Jenny: When you wear a wig, you can be anyone you want. I tend to dance as crazy as I can because I don't have any dancing talent whatsoever. Then everybody will look better on the dance floor.
Nick: It reminds me of the nudist colony gig, when I made everyone feel better about themselves. There's actually a nudist colony in Topeka, in case you were wondering.
Jenny: It was very pale.
What's the instant booty shaker in your repertoire?
Bob: I don't know if "booty shaker" is the right word, but when we start playing "Don't Stop Believing" by Journey-the reaction is automatic.
Nick: I would say "Hey Ya!." That gets everyone going. Anything disco or funk.
Jenny: So far as a "booty shaker," "Shake Your Booty" works well. "I Will Survive" goes over well-the women rush the stage.
Nick: The goal is to make an entire set-list of nothing but those songs that go over well.
How much effort goes into making a set-list? Do you have to tailor them on a gig-by-gig basis depending on who you're playing for? Does it require surveying and field testing?
Nick: It takes far too much time. It's actually kind of a joke. There have been a few occasions where I've honestly spent more time working on the set list than the fucking show takes. It's pretty ridiculous, when you think of it. We don't do the same show twice.
Jenny: It's a younger crowd tonight, and we can cater to a younger or more mature crowd.
Nick: It's not a college crowd, though. It's actually a working crowd, but not a "one foot in the grave" crowd.
Have there ever been any horrible miscalculations in your set-lists? Ever lay a big turd on stage by misjudging the crowd?
Jenny: Last weekend, as a matter of fact.
Nick: They said, "Play 'Twist and Shout.'" We don't know that one-they weren't satisfied.
Bob: So instead we play Salt-N-Peppa's "Push It."
Nick: I think they thought we were telling them to "shove it."
What are your favorite songs to perform?
Bob: Gosh, Barry Manilow is a fun one. "Jump" by Van Halen is quite entertaining.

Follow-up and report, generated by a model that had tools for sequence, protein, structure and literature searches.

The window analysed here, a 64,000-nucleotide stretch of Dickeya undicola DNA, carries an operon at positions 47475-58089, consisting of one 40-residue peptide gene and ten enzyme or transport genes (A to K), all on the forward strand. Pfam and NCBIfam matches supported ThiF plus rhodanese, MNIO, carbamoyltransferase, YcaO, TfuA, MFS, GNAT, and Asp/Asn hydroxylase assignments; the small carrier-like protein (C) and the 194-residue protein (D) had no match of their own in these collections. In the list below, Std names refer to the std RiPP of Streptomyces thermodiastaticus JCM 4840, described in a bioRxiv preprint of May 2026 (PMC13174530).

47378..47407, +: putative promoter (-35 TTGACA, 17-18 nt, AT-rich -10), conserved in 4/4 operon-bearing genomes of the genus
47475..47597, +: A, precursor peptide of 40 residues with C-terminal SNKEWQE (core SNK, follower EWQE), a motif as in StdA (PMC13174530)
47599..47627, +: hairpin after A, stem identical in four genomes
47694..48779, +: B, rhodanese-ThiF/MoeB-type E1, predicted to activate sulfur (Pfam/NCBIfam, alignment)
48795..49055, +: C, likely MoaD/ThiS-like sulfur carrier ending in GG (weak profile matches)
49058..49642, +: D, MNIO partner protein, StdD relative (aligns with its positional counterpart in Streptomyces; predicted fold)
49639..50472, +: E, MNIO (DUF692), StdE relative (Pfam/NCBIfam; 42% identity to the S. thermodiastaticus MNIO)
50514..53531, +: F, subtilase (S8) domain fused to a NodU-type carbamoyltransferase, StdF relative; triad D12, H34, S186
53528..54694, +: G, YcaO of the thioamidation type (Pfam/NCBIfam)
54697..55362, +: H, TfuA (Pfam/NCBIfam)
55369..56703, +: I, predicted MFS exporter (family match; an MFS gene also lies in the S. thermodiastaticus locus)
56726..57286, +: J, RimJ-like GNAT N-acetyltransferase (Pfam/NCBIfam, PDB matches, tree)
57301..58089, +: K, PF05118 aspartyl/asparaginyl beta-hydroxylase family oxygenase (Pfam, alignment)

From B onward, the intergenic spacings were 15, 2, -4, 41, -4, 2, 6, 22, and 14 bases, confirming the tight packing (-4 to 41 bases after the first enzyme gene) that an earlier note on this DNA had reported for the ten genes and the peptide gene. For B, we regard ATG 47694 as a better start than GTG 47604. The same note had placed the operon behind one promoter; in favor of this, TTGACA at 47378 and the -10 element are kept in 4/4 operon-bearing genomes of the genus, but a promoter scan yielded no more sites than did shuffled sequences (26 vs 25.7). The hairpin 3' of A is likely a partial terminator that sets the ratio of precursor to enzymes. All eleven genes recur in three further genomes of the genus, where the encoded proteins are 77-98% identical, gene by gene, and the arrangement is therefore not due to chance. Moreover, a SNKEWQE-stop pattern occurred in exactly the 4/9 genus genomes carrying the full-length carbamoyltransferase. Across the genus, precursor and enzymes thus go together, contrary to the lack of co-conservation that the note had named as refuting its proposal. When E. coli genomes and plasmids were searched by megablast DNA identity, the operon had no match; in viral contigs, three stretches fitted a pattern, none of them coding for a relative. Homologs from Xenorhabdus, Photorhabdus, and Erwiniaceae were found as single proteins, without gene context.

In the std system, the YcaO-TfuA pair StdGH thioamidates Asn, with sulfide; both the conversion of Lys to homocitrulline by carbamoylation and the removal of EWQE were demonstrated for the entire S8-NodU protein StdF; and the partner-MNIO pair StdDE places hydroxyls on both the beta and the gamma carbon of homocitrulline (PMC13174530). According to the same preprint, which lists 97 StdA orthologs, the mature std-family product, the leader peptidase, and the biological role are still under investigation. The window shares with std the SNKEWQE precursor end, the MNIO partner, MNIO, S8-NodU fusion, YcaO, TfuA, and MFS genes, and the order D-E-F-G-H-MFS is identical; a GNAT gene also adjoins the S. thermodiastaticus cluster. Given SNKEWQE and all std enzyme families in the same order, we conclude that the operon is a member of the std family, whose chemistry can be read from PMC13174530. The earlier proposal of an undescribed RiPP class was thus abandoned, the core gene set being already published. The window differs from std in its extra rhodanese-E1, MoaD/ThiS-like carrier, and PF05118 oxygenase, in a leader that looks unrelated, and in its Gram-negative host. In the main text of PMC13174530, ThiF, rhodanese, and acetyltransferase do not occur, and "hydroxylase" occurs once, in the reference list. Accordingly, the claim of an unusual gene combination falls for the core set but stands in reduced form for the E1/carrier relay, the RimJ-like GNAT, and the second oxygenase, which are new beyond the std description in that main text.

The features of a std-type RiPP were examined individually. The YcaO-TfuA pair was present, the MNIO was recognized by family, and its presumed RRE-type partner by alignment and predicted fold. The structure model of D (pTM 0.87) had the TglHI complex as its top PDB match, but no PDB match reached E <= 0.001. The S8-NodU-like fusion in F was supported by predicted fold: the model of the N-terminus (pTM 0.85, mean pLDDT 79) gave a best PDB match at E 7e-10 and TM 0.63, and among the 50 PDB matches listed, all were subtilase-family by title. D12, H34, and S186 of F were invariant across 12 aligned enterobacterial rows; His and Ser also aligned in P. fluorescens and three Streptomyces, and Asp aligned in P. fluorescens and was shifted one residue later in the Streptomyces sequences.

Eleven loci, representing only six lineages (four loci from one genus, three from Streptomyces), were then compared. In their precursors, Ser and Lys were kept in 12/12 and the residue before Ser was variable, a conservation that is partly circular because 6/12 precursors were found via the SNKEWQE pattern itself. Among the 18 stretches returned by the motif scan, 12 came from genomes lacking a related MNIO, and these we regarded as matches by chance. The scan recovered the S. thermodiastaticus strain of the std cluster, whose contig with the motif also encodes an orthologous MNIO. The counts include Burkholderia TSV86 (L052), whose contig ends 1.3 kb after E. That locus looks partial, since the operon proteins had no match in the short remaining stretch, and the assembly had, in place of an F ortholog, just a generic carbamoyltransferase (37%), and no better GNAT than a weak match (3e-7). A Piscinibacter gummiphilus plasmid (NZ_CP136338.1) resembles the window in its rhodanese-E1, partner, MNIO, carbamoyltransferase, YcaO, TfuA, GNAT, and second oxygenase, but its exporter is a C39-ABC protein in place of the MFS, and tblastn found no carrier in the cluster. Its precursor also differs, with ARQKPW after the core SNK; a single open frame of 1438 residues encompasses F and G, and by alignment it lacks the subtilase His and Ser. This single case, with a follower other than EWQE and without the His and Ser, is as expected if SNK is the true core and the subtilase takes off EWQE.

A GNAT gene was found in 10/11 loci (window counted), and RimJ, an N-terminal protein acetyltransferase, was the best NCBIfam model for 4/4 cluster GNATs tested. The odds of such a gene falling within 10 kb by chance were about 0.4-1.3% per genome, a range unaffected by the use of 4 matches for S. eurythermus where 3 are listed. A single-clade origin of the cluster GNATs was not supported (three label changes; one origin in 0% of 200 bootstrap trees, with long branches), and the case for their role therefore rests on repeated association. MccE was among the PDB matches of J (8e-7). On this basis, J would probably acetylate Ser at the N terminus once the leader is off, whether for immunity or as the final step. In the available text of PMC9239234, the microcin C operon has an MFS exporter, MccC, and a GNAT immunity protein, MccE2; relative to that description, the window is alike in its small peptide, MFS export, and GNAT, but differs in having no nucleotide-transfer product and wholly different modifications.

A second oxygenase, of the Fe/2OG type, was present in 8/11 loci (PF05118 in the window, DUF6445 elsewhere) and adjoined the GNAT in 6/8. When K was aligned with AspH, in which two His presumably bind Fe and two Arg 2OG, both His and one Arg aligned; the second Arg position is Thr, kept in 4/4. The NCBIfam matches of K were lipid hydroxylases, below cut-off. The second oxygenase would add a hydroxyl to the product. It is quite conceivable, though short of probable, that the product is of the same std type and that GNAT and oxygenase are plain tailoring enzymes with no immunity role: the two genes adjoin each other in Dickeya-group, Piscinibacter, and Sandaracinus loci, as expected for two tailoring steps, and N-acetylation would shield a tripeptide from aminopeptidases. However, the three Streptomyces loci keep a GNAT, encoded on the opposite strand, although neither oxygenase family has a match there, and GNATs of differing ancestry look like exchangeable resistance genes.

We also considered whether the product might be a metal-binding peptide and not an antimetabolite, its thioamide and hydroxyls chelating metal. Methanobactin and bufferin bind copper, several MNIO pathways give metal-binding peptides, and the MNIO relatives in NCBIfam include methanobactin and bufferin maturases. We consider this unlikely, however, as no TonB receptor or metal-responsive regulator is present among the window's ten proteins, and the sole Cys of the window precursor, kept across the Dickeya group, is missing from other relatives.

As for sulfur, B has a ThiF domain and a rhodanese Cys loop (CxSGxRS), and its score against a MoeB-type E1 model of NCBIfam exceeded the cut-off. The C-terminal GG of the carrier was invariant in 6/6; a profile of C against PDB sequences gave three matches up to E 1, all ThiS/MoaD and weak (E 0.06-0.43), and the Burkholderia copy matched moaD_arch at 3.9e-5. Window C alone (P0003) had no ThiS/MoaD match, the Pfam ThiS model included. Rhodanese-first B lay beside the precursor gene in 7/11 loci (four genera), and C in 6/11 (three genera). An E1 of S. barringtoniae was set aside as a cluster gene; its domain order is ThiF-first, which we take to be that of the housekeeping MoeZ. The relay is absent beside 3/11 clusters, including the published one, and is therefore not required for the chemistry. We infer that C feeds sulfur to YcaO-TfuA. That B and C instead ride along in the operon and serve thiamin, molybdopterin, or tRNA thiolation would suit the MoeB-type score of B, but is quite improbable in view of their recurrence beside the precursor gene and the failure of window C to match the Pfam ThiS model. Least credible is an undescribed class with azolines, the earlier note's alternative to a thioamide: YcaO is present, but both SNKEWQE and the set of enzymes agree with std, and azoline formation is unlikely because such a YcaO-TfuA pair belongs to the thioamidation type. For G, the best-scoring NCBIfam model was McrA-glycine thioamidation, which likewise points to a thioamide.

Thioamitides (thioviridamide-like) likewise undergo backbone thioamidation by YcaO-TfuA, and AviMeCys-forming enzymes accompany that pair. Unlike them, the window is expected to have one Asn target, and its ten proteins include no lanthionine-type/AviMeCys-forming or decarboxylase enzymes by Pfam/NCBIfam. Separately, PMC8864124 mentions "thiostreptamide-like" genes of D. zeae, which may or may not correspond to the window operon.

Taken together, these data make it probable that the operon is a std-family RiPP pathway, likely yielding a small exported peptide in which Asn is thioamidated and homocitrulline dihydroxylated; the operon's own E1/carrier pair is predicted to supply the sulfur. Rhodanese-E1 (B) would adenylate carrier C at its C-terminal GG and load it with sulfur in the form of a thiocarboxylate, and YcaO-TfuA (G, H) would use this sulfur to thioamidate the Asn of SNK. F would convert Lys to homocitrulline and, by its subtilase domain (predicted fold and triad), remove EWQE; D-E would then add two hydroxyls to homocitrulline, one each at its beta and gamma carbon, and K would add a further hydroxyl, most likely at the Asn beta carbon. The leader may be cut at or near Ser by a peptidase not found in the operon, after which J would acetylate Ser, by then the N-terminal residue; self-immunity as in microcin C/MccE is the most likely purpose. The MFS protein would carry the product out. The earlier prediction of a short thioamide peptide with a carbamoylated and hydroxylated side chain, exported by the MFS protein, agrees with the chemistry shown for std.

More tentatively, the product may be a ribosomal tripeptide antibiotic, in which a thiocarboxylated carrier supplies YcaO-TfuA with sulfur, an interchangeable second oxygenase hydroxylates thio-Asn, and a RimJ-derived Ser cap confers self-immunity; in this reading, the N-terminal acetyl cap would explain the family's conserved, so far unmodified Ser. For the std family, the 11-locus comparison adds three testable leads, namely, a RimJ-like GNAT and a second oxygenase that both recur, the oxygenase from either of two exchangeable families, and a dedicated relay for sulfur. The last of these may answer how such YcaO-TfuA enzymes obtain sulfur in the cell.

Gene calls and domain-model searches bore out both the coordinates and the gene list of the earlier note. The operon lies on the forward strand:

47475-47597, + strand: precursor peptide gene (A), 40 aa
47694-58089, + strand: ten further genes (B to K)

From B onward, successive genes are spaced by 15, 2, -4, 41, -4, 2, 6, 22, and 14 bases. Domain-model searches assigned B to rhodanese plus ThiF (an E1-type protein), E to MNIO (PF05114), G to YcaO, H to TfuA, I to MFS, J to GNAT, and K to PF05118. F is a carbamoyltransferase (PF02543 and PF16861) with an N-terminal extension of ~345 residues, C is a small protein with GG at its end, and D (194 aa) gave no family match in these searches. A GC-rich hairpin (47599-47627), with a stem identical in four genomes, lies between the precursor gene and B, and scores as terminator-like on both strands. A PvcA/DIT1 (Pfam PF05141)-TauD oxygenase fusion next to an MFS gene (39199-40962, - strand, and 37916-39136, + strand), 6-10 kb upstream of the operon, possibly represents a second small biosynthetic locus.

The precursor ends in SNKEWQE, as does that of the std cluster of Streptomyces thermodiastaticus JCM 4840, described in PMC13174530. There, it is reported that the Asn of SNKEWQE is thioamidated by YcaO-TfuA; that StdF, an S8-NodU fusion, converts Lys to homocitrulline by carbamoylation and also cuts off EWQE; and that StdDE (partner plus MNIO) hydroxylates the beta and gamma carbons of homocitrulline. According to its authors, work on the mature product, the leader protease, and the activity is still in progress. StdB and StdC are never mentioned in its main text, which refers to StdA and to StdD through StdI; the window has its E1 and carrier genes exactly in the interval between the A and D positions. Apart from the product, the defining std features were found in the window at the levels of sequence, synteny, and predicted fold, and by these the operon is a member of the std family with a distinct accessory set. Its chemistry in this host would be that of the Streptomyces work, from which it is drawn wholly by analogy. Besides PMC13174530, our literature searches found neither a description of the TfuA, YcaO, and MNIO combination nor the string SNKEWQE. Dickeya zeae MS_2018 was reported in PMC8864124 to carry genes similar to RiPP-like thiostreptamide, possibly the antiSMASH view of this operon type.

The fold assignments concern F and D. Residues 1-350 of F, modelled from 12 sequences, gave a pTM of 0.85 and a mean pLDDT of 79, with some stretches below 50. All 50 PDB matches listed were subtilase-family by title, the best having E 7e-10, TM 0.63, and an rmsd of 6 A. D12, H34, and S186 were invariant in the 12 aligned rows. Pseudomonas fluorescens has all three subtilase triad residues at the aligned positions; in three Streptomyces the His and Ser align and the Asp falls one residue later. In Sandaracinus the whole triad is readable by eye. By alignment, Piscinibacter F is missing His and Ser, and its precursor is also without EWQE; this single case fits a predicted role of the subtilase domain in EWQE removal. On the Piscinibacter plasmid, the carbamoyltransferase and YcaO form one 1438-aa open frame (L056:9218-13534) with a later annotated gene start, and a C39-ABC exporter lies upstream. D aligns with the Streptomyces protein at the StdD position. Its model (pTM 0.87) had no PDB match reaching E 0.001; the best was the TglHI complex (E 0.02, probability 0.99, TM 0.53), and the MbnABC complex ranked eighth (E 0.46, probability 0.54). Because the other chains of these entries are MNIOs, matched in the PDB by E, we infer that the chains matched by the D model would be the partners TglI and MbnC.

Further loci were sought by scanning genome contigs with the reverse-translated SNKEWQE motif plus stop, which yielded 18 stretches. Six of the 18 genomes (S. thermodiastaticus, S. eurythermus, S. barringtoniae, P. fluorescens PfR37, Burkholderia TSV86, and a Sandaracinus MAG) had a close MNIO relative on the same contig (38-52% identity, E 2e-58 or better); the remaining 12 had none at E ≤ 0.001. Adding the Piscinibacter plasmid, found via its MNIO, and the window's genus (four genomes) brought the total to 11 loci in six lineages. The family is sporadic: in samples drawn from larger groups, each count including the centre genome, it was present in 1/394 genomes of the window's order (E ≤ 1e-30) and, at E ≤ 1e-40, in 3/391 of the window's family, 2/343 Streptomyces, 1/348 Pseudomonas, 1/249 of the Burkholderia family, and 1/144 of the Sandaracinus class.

Nick: Probably the Led Zeppelin medley. We put a lot of time into that one. There are 14 songs and it's about 11 minutes long. Some of the songs are more obscure and people actually know that stuff-and if they don't, fuck 'em.
Jenny: My favorite is "Me and Bobby McGee." That's one I begged to do, and people said "That's not a Sellout song!" But it goes over okay. The Journey tunes, definitely, are always killer.
You have a huge number of band members that ebbs and flows at all times-how do you manage that?
Nick: It's fun. You do realize that we've played with 11 female singers, 3 keyboardists, 4 guitar players, 8 drummers, 5 horn players, 3 percussionists-our goal right now is to play with every musician in Lawrence who has just an ounce of talent.
Nate: You have to disclose that you've been in Sellout to other bands, but that you've been treated for it.
Is being in Sellout like being in a neverending karaoke party?
Nate: It's always a party, which is why it's so fun. I used to take myself too seriously, and I learned my lesson.
Nick: It's fun. We're dressed in costumes. We've got "Material Girl" being performed by Gene Simmons and I'm jumping around like a frickin' hyena. Anybody in the crowd realizes, "If these dipshits can act like this, I can let my hair down a little bit."
Bob: Going to a Sellout show is kind of like a gateway drug. You'll probably keep coming back for more.
Nick: And it may lead to bigger and better bands-which most are.